Navigation Links
Now it will become cheaper to make second-generation biofuel for our cars

Producing second-generation biofuel from dead plant tissue is environmetally friendly - but it is also expensive because the process as used today needs expensive enzymes, and large companies dominate this market. Now a Danish/Iraqi collaboration presents a new technique that avoids the expensive enzymes. The production of second generation biofuels thus becomes cheaper, probably attracting many more producers and competition, and this may finally bring the price down.

The world's need for fuel will persist, also when the Earth's deposits of fossil fuels run out. Bioethanol, which is made from the remains of plants after other parts have been used as food or other agricultural products, and therefore termed "second generation", is seen as a strong potential substitute candidate, and countries like the United States and Brazil are far ahead when it comes to producing bioethanol from plant parts like corn or sugar canes. Corn cubs and sugar canes are in fact plant parts that can also be used directly as food, so there is a great public resistance to accept producing this kind of bioethanol. A big challenge is therefore to become able to produce bioethanol from plant parts, which cannot be used for food.

"The goal is to produce bioethanol from cellulose. Cellulose is very difficult to break down, and therefore cannot directly be used as a food source. Cellulose is found everywhere in nature in rich quantities, for example in the stems of the corn plant. If we can produce bioethanol from the corn stems and keep the corn cubs for food, we have come a long way", says Per Morgen, professor at the Institute of Physics, Chemistry and Pharmacy, University of Southern Denmark.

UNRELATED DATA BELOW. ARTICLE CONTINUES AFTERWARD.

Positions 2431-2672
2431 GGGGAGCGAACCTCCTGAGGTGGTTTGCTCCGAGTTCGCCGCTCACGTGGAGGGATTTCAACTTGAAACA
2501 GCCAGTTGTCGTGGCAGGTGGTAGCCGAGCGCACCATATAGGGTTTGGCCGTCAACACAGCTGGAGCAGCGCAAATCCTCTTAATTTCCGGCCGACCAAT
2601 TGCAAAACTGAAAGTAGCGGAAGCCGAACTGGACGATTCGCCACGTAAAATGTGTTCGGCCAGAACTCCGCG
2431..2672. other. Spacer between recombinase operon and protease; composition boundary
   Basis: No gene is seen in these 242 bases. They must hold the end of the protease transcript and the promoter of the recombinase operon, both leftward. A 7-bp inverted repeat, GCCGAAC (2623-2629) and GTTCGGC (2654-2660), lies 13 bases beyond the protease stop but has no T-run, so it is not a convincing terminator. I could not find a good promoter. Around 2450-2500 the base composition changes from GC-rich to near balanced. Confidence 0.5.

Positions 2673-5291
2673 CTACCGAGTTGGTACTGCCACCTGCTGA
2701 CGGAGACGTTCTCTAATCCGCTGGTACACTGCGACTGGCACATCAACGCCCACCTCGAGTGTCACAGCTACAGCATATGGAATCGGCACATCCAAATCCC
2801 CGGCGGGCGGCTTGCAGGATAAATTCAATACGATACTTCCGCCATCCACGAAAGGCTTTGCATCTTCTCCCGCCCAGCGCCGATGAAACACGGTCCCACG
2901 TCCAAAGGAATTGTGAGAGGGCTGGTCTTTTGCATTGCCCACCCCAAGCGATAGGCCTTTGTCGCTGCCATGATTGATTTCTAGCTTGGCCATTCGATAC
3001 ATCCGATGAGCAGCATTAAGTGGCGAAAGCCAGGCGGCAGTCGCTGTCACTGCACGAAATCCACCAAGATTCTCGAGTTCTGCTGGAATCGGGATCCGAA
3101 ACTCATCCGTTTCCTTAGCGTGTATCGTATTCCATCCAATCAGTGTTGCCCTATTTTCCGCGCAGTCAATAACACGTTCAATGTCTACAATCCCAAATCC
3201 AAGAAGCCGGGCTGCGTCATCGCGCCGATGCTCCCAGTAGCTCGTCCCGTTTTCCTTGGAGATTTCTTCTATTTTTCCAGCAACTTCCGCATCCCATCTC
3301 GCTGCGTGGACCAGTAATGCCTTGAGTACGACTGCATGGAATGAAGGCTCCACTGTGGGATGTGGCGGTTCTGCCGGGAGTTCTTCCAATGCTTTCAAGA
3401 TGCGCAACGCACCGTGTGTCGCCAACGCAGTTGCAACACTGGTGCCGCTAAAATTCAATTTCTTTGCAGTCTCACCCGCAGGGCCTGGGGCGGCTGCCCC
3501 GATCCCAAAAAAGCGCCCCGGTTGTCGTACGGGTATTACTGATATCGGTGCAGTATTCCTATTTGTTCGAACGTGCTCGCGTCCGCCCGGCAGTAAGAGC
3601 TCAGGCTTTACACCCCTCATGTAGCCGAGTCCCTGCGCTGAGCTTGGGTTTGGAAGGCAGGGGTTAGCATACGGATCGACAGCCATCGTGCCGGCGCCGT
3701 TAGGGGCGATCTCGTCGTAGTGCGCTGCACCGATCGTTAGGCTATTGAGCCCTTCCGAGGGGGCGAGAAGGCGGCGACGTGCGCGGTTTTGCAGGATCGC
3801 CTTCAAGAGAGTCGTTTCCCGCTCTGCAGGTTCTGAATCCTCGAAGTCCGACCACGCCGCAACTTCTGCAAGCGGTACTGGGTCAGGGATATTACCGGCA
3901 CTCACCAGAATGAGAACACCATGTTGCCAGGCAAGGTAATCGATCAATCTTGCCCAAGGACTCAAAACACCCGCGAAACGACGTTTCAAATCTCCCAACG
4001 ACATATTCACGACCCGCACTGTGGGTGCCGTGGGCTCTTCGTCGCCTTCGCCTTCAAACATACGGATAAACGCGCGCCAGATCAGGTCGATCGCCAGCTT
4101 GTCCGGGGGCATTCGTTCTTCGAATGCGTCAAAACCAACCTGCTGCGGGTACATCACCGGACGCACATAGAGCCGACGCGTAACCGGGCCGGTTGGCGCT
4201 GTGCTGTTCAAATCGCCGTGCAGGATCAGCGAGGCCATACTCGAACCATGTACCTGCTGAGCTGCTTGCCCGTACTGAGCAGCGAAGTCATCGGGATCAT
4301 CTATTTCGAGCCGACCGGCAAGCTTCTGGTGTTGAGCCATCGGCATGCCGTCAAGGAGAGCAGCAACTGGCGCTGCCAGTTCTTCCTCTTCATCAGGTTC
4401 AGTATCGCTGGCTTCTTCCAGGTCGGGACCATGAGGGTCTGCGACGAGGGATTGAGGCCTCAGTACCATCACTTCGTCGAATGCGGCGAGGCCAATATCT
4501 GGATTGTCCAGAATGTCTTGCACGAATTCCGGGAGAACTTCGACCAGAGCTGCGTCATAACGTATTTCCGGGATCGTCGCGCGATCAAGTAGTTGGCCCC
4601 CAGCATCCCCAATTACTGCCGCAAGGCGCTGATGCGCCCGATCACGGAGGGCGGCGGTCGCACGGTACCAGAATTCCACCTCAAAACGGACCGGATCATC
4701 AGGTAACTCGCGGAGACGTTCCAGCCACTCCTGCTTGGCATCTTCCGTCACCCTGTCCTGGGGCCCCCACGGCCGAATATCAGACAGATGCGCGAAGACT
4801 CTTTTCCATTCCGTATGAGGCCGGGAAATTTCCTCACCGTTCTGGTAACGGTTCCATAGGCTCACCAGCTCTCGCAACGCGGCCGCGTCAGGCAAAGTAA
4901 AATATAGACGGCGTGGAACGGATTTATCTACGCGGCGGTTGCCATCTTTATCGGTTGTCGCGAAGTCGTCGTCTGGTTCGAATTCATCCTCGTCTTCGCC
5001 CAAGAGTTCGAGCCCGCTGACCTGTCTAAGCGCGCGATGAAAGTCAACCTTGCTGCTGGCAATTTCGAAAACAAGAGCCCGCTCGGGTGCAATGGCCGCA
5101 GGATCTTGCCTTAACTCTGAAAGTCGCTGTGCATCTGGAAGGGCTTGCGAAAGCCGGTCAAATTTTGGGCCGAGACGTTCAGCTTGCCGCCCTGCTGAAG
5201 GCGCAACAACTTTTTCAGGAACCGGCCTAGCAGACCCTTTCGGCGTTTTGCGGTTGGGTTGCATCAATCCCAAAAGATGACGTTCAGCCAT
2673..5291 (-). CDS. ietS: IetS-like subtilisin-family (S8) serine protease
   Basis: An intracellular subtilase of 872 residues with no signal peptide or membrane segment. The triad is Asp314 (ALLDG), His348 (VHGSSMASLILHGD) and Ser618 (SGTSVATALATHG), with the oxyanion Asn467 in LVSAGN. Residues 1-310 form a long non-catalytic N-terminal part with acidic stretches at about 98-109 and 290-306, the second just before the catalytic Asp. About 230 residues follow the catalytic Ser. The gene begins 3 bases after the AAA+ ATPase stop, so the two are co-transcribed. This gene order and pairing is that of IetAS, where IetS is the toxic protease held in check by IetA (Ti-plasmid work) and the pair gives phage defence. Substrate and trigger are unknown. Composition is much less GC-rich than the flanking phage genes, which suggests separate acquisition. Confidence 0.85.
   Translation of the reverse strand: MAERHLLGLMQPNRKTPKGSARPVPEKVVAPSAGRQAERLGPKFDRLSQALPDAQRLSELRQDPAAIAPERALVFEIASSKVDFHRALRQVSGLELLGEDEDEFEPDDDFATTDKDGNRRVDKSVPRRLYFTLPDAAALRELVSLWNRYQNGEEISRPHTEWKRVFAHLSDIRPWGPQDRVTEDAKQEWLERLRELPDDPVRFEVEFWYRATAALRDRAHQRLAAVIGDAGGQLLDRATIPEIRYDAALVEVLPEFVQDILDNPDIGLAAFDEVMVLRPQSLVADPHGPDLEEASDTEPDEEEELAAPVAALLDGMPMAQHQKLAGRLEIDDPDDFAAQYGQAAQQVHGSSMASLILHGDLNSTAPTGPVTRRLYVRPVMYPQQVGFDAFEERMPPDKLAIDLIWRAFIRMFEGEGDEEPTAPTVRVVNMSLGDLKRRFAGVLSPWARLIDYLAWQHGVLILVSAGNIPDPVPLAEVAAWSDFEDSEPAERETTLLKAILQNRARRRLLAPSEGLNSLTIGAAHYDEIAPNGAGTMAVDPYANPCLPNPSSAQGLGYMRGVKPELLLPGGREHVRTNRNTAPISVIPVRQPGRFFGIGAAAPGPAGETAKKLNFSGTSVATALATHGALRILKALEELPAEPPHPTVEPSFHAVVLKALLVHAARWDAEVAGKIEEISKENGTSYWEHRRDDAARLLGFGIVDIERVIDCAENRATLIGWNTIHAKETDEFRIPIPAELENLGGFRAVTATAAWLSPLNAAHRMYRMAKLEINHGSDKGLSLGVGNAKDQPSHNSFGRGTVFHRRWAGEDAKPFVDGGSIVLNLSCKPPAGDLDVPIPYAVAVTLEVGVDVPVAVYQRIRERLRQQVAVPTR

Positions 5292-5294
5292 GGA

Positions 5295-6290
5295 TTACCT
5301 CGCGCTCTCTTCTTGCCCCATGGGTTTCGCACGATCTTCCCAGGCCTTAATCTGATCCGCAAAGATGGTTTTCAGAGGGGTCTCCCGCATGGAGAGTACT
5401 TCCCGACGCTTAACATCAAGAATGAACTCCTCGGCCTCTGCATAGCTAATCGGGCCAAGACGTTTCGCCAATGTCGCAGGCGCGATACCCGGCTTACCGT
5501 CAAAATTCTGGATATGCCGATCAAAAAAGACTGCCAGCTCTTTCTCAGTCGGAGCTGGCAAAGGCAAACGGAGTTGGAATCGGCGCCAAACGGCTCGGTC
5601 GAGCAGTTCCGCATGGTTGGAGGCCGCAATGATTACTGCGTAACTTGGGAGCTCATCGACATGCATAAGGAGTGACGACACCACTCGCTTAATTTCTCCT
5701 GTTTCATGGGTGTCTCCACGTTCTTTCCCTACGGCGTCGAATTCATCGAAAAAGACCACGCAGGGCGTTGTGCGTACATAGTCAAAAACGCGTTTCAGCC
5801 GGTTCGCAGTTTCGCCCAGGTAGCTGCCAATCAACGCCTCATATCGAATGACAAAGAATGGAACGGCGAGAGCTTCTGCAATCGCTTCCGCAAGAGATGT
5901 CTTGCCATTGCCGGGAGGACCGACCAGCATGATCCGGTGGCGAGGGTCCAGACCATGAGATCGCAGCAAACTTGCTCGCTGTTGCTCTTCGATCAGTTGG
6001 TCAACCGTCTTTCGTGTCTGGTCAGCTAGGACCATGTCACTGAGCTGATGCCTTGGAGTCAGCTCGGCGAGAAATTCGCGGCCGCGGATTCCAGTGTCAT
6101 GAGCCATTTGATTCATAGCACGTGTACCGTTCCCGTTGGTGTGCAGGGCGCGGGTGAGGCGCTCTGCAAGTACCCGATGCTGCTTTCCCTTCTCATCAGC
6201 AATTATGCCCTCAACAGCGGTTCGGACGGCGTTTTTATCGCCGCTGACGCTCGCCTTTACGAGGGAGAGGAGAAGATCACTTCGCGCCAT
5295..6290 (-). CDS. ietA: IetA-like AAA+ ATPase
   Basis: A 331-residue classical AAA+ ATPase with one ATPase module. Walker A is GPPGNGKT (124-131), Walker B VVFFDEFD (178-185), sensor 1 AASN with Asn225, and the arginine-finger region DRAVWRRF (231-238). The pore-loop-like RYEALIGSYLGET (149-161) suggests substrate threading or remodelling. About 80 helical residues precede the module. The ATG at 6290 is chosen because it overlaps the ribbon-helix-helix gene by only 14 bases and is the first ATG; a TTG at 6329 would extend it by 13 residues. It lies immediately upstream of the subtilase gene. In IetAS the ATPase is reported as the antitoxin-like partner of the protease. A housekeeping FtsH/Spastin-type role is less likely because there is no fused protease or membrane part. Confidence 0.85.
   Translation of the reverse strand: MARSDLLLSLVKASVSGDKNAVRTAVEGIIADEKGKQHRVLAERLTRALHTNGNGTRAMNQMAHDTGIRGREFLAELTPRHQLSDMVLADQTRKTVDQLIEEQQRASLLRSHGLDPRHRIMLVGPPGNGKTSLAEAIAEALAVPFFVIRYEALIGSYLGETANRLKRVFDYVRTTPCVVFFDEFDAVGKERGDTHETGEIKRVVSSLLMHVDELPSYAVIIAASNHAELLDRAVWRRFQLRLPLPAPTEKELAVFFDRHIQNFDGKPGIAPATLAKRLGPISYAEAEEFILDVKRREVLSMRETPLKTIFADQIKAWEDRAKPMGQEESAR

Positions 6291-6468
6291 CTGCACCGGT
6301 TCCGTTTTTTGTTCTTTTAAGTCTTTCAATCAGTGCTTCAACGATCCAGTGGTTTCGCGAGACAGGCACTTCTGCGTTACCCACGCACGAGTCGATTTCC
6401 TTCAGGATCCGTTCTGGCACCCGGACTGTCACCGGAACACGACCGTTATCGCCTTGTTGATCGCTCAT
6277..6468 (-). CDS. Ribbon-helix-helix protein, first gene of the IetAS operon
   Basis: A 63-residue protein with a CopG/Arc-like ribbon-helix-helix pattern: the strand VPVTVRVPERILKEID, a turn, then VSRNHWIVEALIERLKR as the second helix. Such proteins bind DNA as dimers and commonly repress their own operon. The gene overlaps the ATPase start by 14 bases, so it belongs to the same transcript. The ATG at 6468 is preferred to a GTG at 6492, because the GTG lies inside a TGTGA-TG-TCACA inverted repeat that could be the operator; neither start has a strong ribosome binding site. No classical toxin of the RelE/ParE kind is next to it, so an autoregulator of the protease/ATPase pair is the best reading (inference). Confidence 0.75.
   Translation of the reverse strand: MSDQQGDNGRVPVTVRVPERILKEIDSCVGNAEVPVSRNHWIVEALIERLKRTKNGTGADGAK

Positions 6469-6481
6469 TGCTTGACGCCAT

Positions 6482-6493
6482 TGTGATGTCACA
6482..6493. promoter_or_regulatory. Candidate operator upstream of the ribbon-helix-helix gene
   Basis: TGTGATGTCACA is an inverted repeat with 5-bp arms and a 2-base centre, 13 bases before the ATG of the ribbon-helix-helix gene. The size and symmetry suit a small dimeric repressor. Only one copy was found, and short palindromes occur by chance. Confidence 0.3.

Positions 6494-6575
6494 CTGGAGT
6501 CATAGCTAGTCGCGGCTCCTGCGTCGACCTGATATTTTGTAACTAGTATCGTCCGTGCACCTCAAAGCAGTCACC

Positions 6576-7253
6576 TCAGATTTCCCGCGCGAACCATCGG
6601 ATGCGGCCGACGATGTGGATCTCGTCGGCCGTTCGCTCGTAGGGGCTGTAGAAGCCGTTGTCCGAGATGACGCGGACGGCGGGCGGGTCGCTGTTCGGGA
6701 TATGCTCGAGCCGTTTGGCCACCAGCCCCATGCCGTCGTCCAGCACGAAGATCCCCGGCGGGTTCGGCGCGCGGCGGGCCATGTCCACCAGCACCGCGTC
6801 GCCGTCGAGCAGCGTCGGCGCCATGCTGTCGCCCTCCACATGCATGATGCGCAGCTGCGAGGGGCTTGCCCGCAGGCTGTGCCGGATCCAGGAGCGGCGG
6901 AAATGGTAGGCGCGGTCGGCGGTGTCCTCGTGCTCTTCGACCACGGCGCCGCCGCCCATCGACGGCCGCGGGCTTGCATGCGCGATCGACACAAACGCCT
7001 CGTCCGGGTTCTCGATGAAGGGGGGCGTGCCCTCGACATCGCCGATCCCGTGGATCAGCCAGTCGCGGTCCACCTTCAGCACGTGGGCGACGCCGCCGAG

Cellulose is organized in long chains in the plant's cell walls, and they are hard to break down. However, it is not impossible: There are on the market various patented enzymes that can do the job and break down cellulose into sugar, which then is used to produce bioethanol.

"But the patented enzymes are expensive to buy. We are proud to now introduce a completely enzyme-free technique that is not patented and not expensive. The technique can be used by everybody ", explains Per Morgen.

Together with colleagues from the University of Baghdad and Al-Muthanna University in Iraq, he explains that it is not an enzyme, but an acid that plays the main role in the new technique. The acid is called RHSO3H, and it is made on the basis of rice husks.

"My Iraqi colleagues have made the acid from treated rice husk. The worldwide production of rice generates enormous amounts of rice husk and ashes from burning the husk, so this material is cheap and easy to get hold of", he says.

It's all about the acid

The ashes from burnt rice husks have a high content of silicate, and this is the important compound in the production of the new acid. The scientists paired silicate particles with chlorosulfonic acid and this made the acid molecules attach themselves to the silicate compounds.

"The result was an entirely new molecule - the acid RHSO3H - which can replace the enzymes in the work of breaking down cellulose to sugar", explains Per Morgen.

He is particularly proud that all levels in this new way of producing bioethanol are environmentally friendly and accessible for all: The catalyst acid is made ​​from readily available plant left overs, and it can be reused many times. The recipe cannot be patented and the bioethanol is produced from cellulosic plants that cannot otherwise be used for anything else."Cellulose is the most common biological material in the world, so there is plenty of it", he adds.